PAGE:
It is not only rhinos, elephants and tigers that are on the verge of disappearing, although it goes without saying that this should be taken seriously. Other, less newsworthy, animals are suffering the same fate, such is the case of the pangolin: a small scaly mammal!
What is a Pangolin?
This mammal is only found in tropical and subtropical areas of Africa and Asia, and there are currently 8 species weighing from 2 to 35 kg and measuring between 30 and 80 cm.
Thanks to their giant sticky tongue they only eat termites and ants (up to 70 million a year!). They scavenge through termite mounds, elephant dung, fallen leaves, tree trunks, grass and bushes in search of their food.
A relatively unknown animal, this armored knight knows how to defend himself against most of his predators. Encased in a thick shell, he withdraws into it to avoid danger. He becomes untouchable (even the big cats leave him alone!). Unfortunately for him, he is only able to reproduce once a year with a gestation period ranging from 6 to 8 months.
A highly valued delicacy
Pangolins used to be hunted in Asia for leather which was sold in Japan or the US, but this trade was stopped in 2000. Indeed, CITES (Convention on International Trade in Endangered Species of Wild Fauna and Flora) put an end to this practice for pangolins in Asia, of which 2 species are critically endangered.
But the trade of pangolins doesn’t stop there; ma now preys on his flesh. In China and Vietnam, pangolin has become a luxury dish, with the price reaching 3000 dollars for 4 kilos! The worst is how this little mammal is killed. A “good” chef cuts the animal’s throat in front of the clients to collect the blood (which is then eaten in a soup or pudding), whilst the pangolin is then boiled, grilled or fried.
Alas, the sad truth of the matter is, even though Appendix II of CITES states that they have been « protected » since 1994, the pangolin remains one of the most poached mammal groups in the world. In fact, according to the IFAW (International Funds for Animal Welfare), over 1.12 million of pangolins have been victims of poaching, a figure equivalent to 120 000 animals killed per year!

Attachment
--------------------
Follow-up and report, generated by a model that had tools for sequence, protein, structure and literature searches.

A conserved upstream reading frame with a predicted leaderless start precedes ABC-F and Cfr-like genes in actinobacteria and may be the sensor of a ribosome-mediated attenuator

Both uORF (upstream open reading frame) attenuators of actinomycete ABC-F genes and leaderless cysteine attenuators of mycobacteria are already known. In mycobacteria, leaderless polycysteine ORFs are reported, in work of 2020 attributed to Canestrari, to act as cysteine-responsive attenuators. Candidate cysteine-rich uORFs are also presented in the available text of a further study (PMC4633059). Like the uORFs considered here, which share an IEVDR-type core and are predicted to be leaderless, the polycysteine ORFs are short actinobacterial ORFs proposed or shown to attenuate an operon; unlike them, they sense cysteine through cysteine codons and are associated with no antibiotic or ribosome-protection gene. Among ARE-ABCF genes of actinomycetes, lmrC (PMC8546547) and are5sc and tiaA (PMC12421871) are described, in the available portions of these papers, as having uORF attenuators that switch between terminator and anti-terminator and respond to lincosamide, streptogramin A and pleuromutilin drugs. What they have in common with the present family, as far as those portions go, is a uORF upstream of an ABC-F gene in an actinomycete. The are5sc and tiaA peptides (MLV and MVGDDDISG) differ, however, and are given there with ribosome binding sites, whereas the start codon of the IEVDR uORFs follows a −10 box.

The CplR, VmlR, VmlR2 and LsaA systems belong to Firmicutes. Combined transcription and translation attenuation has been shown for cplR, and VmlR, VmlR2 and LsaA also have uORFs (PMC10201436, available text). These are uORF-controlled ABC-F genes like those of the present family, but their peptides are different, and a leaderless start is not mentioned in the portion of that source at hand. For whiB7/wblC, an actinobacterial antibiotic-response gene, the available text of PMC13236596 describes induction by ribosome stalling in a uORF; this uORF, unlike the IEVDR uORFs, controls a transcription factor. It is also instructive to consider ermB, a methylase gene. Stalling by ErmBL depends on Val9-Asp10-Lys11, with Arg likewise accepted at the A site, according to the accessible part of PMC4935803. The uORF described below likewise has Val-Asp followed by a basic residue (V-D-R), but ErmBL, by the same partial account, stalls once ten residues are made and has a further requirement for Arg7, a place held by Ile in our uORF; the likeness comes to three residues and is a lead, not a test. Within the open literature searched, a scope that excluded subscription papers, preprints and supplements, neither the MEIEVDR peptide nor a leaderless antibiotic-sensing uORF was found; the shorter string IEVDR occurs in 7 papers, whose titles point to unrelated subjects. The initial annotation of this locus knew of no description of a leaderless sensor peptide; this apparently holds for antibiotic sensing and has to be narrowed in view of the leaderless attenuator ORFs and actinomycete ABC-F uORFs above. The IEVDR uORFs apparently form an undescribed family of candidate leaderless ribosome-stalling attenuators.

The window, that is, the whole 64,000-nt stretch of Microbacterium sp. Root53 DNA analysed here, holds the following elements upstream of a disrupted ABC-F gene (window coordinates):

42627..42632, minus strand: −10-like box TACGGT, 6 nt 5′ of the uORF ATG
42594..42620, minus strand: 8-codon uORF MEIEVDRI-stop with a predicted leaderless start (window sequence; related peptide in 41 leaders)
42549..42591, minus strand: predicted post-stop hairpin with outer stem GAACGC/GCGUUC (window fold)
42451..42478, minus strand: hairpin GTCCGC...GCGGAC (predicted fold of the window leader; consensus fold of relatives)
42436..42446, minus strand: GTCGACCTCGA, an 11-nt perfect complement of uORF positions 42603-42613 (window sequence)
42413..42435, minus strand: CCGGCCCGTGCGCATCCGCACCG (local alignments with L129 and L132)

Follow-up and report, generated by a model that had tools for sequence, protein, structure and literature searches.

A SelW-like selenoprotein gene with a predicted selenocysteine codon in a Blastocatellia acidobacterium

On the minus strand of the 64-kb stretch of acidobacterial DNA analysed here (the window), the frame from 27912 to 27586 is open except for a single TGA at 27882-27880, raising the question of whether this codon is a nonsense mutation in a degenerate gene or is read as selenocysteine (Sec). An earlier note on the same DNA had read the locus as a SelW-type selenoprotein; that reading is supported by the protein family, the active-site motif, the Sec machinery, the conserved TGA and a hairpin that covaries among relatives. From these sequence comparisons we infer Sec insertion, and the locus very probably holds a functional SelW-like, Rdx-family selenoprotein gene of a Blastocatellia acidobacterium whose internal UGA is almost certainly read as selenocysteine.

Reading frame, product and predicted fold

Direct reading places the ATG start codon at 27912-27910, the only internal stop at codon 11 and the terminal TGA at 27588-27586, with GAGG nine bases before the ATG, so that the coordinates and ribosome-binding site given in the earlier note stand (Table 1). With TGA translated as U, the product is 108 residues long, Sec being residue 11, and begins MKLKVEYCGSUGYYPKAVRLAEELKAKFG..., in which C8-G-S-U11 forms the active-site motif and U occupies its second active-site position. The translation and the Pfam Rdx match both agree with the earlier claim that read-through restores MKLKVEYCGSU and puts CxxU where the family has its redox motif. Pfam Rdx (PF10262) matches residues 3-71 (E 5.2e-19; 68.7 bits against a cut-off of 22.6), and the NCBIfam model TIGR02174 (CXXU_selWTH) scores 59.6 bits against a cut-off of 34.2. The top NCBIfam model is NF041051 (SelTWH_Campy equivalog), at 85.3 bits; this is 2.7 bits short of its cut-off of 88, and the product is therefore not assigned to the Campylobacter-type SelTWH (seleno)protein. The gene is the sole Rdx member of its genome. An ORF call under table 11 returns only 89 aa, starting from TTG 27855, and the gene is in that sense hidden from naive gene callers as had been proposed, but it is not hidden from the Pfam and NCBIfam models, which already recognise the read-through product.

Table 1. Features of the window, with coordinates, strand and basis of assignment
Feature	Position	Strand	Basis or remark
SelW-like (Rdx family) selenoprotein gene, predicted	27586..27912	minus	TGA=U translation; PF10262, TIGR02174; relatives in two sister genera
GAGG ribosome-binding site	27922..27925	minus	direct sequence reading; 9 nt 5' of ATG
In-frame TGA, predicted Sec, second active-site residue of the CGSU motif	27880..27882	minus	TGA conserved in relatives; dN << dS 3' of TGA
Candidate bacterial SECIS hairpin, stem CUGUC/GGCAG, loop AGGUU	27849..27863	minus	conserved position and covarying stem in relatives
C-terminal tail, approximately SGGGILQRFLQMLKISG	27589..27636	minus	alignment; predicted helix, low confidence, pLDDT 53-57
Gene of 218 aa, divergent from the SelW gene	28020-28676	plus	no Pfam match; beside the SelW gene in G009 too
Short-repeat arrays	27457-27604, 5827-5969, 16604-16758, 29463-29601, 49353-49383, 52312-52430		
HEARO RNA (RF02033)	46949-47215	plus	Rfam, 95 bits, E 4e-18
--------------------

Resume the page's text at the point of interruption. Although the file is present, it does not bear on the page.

An imaginary medicine
Besides the culinary aspect, this adorable mammal is poached for its scales. According to urban legends, they can be used to fight against water retention, asthma or even enhance the blood circulation (you might as well say that it can be used for anything). According to Save Vietnam’s Wildlife, “14% of Vietnamese eat pangolin meat and 5% use its scales for medicine […] When a child gets sick, his parents suggest eating pangolin rather than modern medicine”.
It’s important to remember that pangolins’ scales only contain keratin protein and that their medical virtues have never been proven, and will probably never be.
In late August, over 650 specimens were found frozen on Java island in Indonesia. On a bigger scale, a seizure of 4.4 tons of scales were discovered by the authorities of Hong Kong on a cargo ship from Cameroon in June 2016; a contravention of the law which estimated to have been worth 1.13 million euros.
What does the future look like for Pangolins?
The 17th Convention on International Trade in Endangered Species of Wild Fauna and Flora opened on September 24th in Johannesburg in South Africa. Over 200 countries decided to either toughen or loosen laws on over 500 animal species. This year, the pangolin is on everyone’s mind. The issue in question: putting this mammal on Appendix I of CITES. This decision would completely prohibit all forms of trade of the animal.